Additionally, Musk and his companies are currently the target of several federal investigations – led by the Securities and Exchange Commission, the Federal Trade Commission, the National Highway Traffic Safety Administration and the Department of Justice, to name a few. some. Musk and his companies have repeatedly gone to court to challenge aspects of these investigations, but they have been largely rejected.

It would be egregious for Trump to intervene to disrupt or delay any of these investigations, but even the perception of improper influence would be very damaging, West said.

“It destroys the rule of law if a businessman can make a deal with a president to protect his own business interests,” West said. “The whole point of capitalism is fair play and people don’t get any special advantages, and there is a risk that we lose that advantage.”

Meanwhile, Musk’s views on social issues don’t necessarily influence Trump in a different direction, given how much they appear to overlap, but the billionaire’s penchant for extreme rhetoric could give Trump political cover for a controversial action as president.

Herika Martinez/AFP/Getty Images

Migrants wait in line to be transferred by the U.S. Border Patrol after crossing the Bravo River in El Paso, Texas, seen from Ciudad Juarez, Chihuahua state, Mexico, April 18, 2024.

Musk’s management of Twitter – now known as X – reflects his own shift to the right.

One of Musk’s first moves after purchasing Twitter in 2022 was to reinstate Donald Trump’s account, after the former president was suspended for inciting hatred following the attack on 6 January 2021 against the US Capitol.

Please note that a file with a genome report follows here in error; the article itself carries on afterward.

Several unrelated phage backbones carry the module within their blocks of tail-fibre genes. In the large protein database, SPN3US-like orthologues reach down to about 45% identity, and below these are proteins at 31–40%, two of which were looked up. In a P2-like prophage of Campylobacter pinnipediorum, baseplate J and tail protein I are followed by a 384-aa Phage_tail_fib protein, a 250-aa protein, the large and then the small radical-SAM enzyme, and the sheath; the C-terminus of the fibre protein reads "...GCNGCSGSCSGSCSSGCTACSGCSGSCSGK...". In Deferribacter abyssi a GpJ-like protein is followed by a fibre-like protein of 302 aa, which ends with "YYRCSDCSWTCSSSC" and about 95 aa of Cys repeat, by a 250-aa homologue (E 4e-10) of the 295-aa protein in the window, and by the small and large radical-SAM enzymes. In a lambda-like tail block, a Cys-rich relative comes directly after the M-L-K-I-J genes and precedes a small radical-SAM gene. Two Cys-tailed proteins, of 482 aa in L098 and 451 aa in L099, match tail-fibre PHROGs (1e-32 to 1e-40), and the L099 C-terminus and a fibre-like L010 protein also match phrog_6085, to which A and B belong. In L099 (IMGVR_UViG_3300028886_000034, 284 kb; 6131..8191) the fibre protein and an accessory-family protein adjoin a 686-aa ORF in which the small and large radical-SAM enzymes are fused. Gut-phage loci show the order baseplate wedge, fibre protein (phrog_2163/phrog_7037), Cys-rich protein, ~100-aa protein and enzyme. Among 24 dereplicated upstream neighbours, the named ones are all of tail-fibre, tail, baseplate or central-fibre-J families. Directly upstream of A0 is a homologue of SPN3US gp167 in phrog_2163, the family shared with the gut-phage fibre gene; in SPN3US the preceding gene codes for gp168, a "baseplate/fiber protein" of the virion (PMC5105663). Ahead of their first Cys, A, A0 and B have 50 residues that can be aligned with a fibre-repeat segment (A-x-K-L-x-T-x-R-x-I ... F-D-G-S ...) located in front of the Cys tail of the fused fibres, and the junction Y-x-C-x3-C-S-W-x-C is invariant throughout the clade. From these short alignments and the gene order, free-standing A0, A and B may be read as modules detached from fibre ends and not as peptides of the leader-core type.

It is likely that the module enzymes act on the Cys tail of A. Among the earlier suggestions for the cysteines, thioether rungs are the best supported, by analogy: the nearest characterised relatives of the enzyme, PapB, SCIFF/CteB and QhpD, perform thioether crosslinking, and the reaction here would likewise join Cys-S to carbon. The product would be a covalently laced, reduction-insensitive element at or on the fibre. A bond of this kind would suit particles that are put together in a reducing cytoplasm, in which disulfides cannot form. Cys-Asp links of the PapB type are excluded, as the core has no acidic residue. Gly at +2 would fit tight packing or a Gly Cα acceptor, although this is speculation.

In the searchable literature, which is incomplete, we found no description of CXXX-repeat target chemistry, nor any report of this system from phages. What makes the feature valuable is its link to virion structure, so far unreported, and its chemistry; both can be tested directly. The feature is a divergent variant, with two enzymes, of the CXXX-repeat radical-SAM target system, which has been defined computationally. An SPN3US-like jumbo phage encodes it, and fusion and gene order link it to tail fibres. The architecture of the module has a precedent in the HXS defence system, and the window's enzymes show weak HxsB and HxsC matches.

Since then, Musk has not used his widely followed X account to support a specific US presidential candidate and said in a March post that he had no plans to donate money to “either candidate for the presidency of the United States.” But he has criticized Biden repeatedly. This week, he has regularly denounced his policies on the border and immigration between the United States and Mexico.

The billionaire has used his platform to promote right-wing political candidates, including hosting the presidential campaign launch for Florida Republican Gov. Ron DeSantis, who later dropped out of the race, as well as a live chat with hopeful of a third party, Robert Kennedy, Jr..

Musk also repeatedly amplified the comments of hate groups (for which Musk later apologized).

Aside from his own posts, many of Musk’s changes to X have also contributed to a rightward shift in the platform’s culture.

He reinstated the suspended accounts of white supremacists and conspiracy theorists, saying at the time that he was responding to the wishes of users on the platform who expressed their opinions through an unscientific poll posted by Musk from his account. X also allowed politicians and political candidates to more easily benefit from exemptions from media value of Twitter rules, while their content would have otherwise been limited or deleted.

Under Musk’s leadership, based on their popularity. Most users willing to spend $8 a month for a Checkmark are those who are ideologically aligned with the billionaire – whose views are now high on the platform.

In some cases, the policy change appears to encourage problematic behavior: the more extreme or outlandish a post is, the more engagement it is likely to generate and therefore the more likely the poster is to receive a significant share of advertising revenue if it did it. paid a blue check.

Musk modifies the CCDH).

X sued CCDH last year for allegedly trying to drive away advertisers by publishing reports criticizing the platform’s response to hateful content; CCDH won in March, when a federal judge threw out the case and criticized X for trying to silence the group under a mountain of litigation.

Biden aides told Politico last year that the president’s campaign viewed X as an increasingly hostile platform, although there were no plans to stop posting there.

The Biden campaign on Thursday blasted the idea of ​​a collaboration between Musk and Trump.

“Despite what Donald Trump thinks, America is not for sale to billionaires, oil and gas executives, or even Elon Musk,” Biden-Harris 2024 spokesperson James Singer said. in a press release. “Trump is betraying America to pay his legal fees and put himself in power, while all the billionaires like Elon are fools: they know that if they cut his campaign checks, he will cut their taxes while he cuts social security and other benefits for the middle class.

CNN’s Donie O’Sullivan contributed to this report.